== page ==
From our Move with Ease Series, how to take care of your lower body so that you can keep moving with ease for years to come!
Athletes who do a great deal of running are often prone to injuries related to this activity, in large part due to the stress that is placed on the body while running.
It is also common for those who are running to neglect to perform proper warm-up and cool-down stretch exercises.
Even with caution and proper stretching, there may be times when an individual is unable to avoid a running-related injury.
One of the most common injuries which presents itself with runners is iliotibial band syndrome, also called tensor fasciae latae syndrome.
The tensor fasciae latae (TFL) is a tiny muscle which is attached to the iliotibial (IT) band, also known as the fasciae latae.
Fascia is the tough outer layer of the muscle, which gives it structure, protects it from damage, and transmits movement from muscle to bones.
If your muscles are sausages, then the fascia are the sausage casings. The IT band is the fascia for the muscle that runs up the outside of the thigh, originating at the top of the hip and ending on the outside of the knee.
The main job of the IT Band is for knee extension and flexion and so it is used for walking and running.
One of the main symptoms of tensor fasciae latae syndrome is pain on the outside of the knee. This is a symptom which is present in very few conditions, so it is frequently a telltale sign of TFL syndrome.
It is caused by the IT band being pulled too tightly. This is usually a result of action by one of the two muscles connected to the iliotibial band – the gluteus maximus, or the tensor fasciae latae.
The pain may not be present until part-way through a running session, and typically presents itself when an individual is attempting to climb a hill. It is sometimes associated with a snapping or clicking sensation in the muscles on the outside of the hip.
One of the best ways to avoid TFL syndrome is to warm-up with a foam roller or The Stick (a runner’s tool). Massage and relieve any tension in the butt and legs (specifically the calves, IT, TFL, and lateral medius-outer thigh muscle) thoroughly before every work-out and run then repeating the action after.
This warm-up method will help keep the muscle and fascia in these regions in optimum working order and aid in injury prevention. Stretching should be done for cool down, paying attention to stretch the calf, leg, and hip muscles.
When pain and swelling occur in the knees stop any exercise movement and follow the RICE method: Rest, Ice, Compression, and Elevation.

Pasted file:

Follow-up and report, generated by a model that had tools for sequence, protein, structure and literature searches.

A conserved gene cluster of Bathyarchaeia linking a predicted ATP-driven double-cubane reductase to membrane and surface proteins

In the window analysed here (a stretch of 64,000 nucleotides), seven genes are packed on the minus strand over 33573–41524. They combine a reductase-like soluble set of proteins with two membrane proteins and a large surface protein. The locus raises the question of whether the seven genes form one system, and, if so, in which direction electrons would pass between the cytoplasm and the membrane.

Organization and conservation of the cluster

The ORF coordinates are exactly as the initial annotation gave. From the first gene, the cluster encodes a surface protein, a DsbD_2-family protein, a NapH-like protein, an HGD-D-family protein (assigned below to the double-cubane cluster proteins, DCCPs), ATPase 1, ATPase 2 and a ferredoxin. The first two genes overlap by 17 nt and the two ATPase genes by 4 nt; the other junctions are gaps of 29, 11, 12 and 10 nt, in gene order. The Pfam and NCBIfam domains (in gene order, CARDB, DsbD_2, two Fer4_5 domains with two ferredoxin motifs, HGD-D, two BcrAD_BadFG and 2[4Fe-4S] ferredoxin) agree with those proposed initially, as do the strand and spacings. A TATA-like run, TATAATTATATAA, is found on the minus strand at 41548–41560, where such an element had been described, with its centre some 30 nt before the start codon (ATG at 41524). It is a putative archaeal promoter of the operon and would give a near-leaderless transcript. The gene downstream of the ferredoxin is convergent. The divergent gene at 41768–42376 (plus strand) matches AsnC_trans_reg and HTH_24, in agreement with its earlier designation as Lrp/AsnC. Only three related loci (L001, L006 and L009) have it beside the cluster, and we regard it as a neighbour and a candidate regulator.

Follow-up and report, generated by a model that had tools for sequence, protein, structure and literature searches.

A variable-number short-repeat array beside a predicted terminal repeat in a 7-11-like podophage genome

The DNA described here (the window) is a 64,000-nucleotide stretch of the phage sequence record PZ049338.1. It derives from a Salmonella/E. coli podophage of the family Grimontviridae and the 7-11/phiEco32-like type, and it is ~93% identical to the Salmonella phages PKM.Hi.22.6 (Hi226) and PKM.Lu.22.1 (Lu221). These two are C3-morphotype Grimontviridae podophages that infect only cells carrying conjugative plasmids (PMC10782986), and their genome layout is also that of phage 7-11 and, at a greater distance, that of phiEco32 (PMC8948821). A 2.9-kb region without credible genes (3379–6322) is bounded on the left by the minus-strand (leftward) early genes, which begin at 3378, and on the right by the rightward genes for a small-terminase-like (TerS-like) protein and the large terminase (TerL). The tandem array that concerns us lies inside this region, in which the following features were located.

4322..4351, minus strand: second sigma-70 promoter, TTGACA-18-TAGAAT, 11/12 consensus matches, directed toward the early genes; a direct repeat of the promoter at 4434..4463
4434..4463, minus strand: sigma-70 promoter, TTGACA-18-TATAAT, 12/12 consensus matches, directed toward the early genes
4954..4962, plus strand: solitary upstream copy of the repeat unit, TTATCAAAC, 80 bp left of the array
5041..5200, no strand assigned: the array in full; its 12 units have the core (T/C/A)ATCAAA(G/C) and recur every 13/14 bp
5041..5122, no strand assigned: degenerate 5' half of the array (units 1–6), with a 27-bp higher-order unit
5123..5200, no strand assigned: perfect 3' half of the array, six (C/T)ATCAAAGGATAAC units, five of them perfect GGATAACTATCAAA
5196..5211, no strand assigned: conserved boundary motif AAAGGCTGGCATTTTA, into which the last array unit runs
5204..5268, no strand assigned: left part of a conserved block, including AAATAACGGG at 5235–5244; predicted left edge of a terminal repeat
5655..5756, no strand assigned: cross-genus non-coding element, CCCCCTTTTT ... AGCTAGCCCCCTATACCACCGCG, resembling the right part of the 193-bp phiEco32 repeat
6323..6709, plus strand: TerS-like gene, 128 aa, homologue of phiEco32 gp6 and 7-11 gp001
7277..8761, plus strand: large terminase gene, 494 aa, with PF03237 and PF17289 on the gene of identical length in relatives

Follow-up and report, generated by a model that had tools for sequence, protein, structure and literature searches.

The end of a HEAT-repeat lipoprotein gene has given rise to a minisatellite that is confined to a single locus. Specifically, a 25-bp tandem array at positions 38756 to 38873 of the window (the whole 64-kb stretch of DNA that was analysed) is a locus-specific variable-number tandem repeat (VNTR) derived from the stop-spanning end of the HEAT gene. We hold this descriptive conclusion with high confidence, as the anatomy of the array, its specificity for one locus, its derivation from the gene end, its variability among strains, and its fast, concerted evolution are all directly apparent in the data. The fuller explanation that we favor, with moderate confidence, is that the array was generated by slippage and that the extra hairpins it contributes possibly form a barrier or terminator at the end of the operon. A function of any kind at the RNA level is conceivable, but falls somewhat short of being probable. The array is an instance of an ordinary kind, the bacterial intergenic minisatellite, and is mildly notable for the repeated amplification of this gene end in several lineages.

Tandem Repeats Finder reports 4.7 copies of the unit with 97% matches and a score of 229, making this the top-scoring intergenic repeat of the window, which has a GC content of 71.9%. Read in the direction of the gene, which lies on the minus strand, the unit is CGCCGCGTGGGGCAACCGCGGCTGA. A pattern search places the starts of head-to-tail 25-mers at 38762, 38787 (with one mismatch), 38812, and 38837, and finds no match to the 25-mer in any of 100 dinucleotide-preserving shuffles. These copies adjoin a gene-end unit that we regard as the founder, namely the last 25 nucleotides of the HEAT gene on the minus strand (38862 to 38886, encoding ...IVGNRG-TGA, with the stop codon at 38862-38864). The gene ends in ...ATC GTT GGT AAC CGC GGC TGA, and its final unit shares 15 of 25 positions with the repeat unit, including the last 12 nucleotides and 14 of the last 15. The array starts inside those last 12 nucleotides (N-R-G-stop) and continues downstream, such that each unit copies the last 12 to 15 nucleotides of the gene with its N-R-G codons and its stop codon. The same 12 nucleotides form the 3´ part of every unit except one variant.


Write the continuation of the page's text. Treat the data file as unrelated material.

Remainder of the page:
Rest aids in healing and preventing further injury to the area.
Ice helps to reduce the inflammation and pain associated with the injury.
Compression further prevents more swelling- edema that can cause more pain, loss of function, and slowed blood flow from vessel restriction.
Elevation also helps to reduce swelling, increase blood flow return, and removes waste from the area.
TFL syndrome is sometimes related to faulty pelvic mechanics.
If one side of the pelvis is higher than the other, or if the pelvis moves awkwardly while running, it can create a case of iliotibial band syndrome, or aggravate an existing case.
Stretching and massage won’t be enough to correct the problem if this is the case; often, patients who have faulty pelvic mechanics won’t get relief from their TFL syndrome symptoms until they see a chiropractor. Regardless of the cause of the TFL syndrome, it is important to treat it properly and avoid further injury. When it’s time to return to regular activities, do so slowly and without engaging in strenuous exercise too quickly.
There are a variety of other activities which can help runners stay fit without aggravating their IT band, such as swimming and cycling. It is usually best to stick to these activities until the TFL syndrome is gone.
Seek training advice from a personal trainer or running coach to improve workouts and prevent injury. As with any injury, it’s crucial to seek a doctor’s care if the pain is severe, or if other methods don’t bring relief.
The following exercise images will help stretch and relieve TFL and IT pain. Directly apply pressure on the TFL and IT bands with a foam roller for 30 seconds or longer. Stretching the TFL, IT, and even lower back will offer relief.